There is no specific therapy for amatoxin poisoning. Intense supportive care, including rehydration, balance of electrolyte loss, substitution of blood glucose, administration of activated charcoal, and, if necessary, enhanced diuresis, should be started as soon as possible. Extracorporal purification procedures, such as hemodialysis, hemoperfusion, or plasmapheresis, are no longer recommended because of the low plasma concentration of amatoxins at the time of hopitalization; however, infusion of charcoal slurry may prevent residual amatoxins, or amatoxins excreted in bile, from being (re)absorbed. Kidney function should be controlled carefully, and slightly enhanced diuresis seems important (100 to 200ml/h). Silymarin (silibinin), and, less efficiently, penicillin, have been proved in experimental animals to intercept reabsorption of amanitin excreted by the liver due to enterohepatic circulation. If very high doses of amanitin were ingested, a fatal outcome seems avoidable only by liver transplantation, which has recently been performed successfully. Mortality rates were 30% in former decades but have now dropped to around 11%, mainly due to intense supportive care. Such values are ambiguous, however, given the lack of an obligatory classification system of severity. (For recent reviews on the management of amatoxin poisoning, see: Faulstich and Zilker, 1994; Enjalbert et al., 2002; Persson and Karlson-Stiber, in press).
It is possible to use the newspaper test to detect amatoxins in a drop of mushroom juice. In this test, amatoxins develop a purple-brownish color when concentrated hydrochloric acid is added to the dried spot due to the lignin present in the newspaper. However, several mushroom species that contain no amatoxins will give a false-positive result with this test (Seeger, 1984). Analytical procedures with much higher sensitivity for detecting amatoxins include high performance liquid chromatography (HPLC) and various radioimmunoassays. These are suited also for detecting amanitin in urine samples of patients, with a limit of detection of ca. 10 ng/ml. In the past, two amatoxin-specific radioimmunoassays were brought to market, one from the author's laboratory, the other from a Swiss group. However, interest in the analysis of urine samples has since declined because general agreement was reached that amatoxin concentration in urine is of no prognostic value for the course of an individual intoxication. Radioimmunoassays and HPLC analysis work for serum samples also, but in most cases the serum of patients is free of amatoxins at the time of hospitalization. However, such analytical procedures may still be useful for analysing mushroom remains.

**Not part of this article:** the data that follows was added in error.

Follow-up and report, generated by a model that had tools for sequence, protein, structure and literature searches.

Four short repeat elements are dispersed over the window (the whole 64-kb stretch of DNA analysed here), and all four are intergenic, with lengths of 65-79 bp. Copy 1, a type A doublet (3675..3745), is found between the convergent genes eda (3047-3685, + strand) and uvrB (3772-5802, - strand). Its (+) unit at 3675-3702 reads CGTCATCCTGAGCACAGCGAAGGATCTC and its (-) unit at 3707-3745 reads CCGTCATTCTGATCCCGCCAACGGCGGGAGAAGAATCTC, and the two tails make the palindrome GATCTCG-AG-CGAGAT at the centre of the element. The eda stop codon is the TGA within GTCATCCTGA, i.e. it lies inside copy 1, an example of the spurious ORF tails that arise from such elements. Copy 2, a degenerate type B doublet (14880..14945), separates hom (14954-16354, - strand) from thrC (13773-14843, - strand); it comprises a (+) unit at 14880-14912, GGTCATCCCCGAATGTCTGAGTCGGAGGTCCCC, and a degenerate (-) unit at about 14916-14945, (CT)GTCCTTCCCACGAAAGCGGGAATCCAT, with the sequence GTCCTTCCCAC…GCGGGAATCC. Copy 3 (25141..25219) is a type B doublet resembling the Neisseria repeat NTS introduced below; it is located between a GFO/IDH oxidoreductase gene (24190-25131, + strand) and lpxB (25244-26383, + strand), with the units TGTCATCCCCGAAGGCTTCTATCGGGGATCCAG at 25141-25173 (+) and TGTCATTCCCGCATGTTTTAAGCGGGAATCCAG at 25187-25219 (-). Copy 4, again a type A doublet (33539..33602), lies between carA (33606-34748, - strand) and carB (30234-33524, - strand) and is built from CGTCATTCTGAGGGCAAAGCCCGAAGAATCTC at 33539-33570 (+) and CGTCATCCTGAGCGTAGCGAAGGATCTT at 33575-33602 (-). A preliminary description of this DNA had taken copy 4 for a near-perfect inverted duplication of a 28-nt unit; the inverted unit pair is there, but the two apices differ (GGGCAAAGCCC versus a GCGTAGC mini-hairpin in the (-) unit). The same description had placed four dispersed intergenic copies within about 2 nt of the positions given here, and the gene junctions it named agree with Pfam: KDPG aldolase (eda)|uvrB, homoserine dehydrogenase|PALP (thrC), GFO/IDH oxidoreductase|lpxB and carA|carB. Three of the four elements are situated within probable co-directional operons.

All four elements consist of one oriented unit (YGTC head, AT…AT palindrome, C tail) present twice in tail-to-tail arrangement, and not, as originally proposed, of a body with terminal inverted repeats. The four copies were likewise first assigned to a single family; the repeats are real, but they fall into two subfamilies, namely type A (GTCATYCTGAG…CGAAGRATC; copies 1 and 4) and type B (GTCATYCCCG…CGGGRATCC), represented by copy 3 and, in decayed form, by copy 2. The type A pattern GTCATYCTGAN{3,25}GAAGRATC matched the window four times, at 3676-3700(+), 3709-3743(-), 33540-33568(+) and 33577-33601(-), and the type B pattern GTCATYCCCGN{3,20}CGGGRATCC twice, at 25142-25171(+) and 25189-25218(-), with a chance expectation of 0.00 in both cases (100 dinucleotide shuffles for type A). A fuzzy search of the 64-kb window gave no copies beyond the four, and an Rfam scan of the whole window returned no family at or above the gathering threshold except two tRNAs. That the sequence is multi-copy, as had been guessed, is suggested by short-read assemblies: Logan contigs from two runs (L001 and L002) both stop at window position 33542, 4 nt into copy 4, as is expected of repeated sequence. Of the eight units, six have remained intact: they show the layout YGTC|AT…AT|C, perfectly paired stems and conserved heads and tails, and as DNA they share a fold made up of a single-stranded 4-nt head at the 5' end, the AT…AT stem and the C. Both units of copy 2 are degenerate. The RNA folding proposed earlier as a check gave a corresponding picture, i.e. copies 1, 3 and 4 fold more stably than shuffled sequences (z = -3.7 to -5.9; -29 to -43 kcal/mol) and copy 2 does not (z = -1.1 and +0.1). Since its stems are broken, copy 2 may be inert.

Beside amatoxins, A. phalloides and A. virosa contain a second family of toxic, cyclic peptides, the phallotoxins, with phalloidin and phallacidin being the main components. There is convincing evidence that phallotoxins do not contribute to human mushroom poisoning. The same is true for the virotoxins, a family of cyclic peptides structurally related to the phallotoxins and found exclusively in A. virosa. Phallotoxins and virotoxins share the target protein polymeric actin, in non-muscle cells, preferentially in hepatocytes. Several species of Amanita, among them A. phalloides and A. virosa, but also edible species of this genus such as A. rubescens, contain so-called hemolysins, proteins with very potent cytolytic activity. These proteins are destroyed during cooking (temperature >65°C), and hence do not contribute to human poisoning.